If I saw someone going the wrong way on a one-way street, I would make every effort to stop and redirect them. Simply put, it saves lives to have honest communication not only about the sexually transmitted diseases that shorten lifespans, but also about the deep loneliness that accompanies a life based on youth, beauty and sex.
Guth went on and on, citing research allegedly showing that children thrive best with a mother and a father, claiming that homosexuality is "a lie" based on "bad information," and quoting from the Bible about the definition of manhood, womanhood, marriage. Picking up on Guth again, around the 6:45 mark:
Most of you know these things that I tell you are true, but we have been intimidated into not speaking out. We all have a choice: we can stand on the truth, or we can stand on the sidelines.
For the sake of our children, I hope you'll consider seriously what I've said and stand without hesitation for truth, and decide to have honest communication and discussion. Otherwise we will find ourselves sitting back, hoping that someday, some way, someone will make things right. This is to go on feeding the crocodile, hoping that he will eat you last. But eat you he will. Thank you, Madame President.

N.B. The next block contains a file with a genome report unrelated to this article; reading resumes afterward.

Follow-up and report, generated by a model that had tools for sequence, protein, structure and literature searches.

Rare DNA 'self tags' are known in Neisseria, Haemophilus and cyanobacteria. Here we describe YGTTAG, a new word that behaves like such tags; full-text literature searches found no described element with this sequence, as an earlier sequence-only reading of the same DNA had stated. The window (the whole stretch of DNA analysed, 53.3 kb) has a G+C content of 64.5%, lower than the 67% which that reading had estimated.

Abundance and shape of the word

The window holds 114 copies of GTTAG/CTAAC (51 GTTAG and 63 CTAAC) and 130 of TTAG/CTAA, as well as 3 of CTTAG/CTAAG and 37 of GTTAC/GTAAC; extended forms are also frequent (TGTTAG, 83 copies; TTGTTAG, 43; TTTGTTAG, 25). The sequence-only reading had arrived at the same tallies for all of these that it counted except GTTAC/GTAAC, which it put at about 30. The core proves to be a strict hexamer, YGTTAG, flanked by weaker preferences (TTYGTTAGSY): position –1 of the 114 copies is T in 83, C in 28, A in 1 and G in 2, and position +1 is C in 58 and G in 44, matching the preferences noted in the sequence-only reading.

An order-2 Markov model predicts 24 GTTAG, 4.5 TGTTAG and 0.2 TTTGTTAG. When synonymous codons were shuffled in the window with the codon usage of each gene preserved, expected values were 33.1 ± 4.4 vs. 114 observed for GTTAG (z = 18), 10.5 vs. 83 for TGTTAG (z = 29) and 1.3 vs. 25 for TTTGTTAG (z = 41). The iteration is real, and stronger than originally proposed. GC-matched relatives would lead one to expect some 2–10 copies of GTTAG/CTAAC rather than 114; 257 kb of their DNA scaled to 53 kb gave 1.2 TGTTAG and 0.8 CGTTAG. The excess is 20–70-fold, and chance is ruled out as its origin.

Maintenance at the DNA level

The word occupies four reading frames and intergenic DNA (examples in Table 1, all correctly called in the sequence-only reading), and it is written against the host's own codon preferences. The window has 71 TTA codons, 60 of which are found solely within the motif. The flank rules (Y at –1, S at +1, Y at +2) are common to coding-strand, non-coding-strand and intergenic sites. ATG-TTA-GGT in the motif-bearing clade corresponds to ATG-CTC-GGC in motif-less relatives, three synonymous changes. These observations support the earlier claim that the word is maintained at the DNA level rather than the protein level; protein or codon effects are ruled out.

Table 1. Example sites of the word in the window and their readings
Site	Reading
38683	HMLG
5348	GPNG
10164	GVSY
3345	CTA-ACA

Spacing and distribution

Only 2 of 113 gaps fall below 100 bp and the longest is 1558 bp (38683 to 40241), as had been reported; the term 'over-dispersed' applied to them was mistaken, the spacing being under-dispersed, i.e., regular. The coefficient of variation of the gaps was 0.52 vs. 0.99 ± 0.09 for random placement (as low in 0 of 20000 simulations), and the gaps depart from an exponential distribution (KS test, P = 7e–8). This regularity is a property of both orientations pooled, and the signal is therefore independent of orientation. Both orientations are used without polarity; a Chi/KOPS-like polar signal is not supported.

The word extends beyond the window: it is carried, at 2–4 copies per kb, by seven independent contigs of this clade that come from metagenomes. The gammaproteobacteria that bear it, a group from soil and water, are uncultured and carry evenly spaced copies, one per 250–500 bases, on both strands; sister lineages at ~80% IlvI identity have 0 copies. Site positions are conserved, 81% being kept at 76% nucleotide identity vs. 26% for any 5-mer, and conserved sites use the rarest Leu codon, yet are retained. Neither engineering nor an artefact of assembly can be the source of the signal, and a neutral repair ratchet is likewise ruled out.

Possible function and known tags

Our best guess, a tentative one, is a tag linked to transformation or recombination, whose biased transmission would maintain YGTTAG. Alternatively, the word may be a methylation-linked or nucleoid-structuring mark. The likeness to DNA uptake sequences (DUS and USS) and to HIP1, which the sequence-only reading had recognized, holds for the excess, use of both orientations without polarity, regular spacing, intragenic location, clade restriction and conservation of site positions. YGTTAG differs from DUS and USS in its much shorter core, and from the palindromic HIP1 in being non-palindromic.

UPDATE: Democratic State Senator Matt McCoy, who is gay, spoke today after Guth. This sound bite made the KCCI television news: "McCoy says being gay isn't a choice, but 'you certainly can choose to be ignorant.'"
Iowa Democratic Party Chair Tyler Olson released this comment:
"As a legislator and Iowan I am disgusted by Senator Guth's comments. They are offensive and inaccurate and have no place in the legislature or our state. Unfortunately far too many Republican leaders feel this way and perpetuate these sorts of lies that only serve to discriminate against our gay brothers and sisters. The Iowa Democratic Party remains committed to full equality for LGBT Iowans. I hope Governor Branstad and other Republican leaders join us as we stand up to the ignorance of individuals like Sen. Guth."
The LGBT advocacy group One Iowa sent out this press release:
One Iowa and District 4 Residents Strongly Condemn Senator Guth's Lies about the LGBT Community
Statements from One Iowa and Senator Guth's constituents
(Des Moines, IA)-Today, Senator Dennis Guth, a Republican from Senate District 4, took advantage of the "points of personal privilege," where he made vitriolic and misleading comments about the LGBT community, describing how he feels he and his family have been hurt and how civilization has fallen by what he describes as the "homosexual lifestyle." Not only Sen. Guth dismiss the lesbian, gay, bisexual and transgender community as a "lifestyle," he then went on to say that it was "a lie."
One Iowa Executive Director Donna Red Wing responded:
"These disgusting and outrageous lies have no place in the Iowa Legislature. Senator Guth is nothing more than a puppet regurgitating the rhetoric of the well-funded anti-gay groups like Focus on the Family. Don't we, as Iowans, deserve better than this?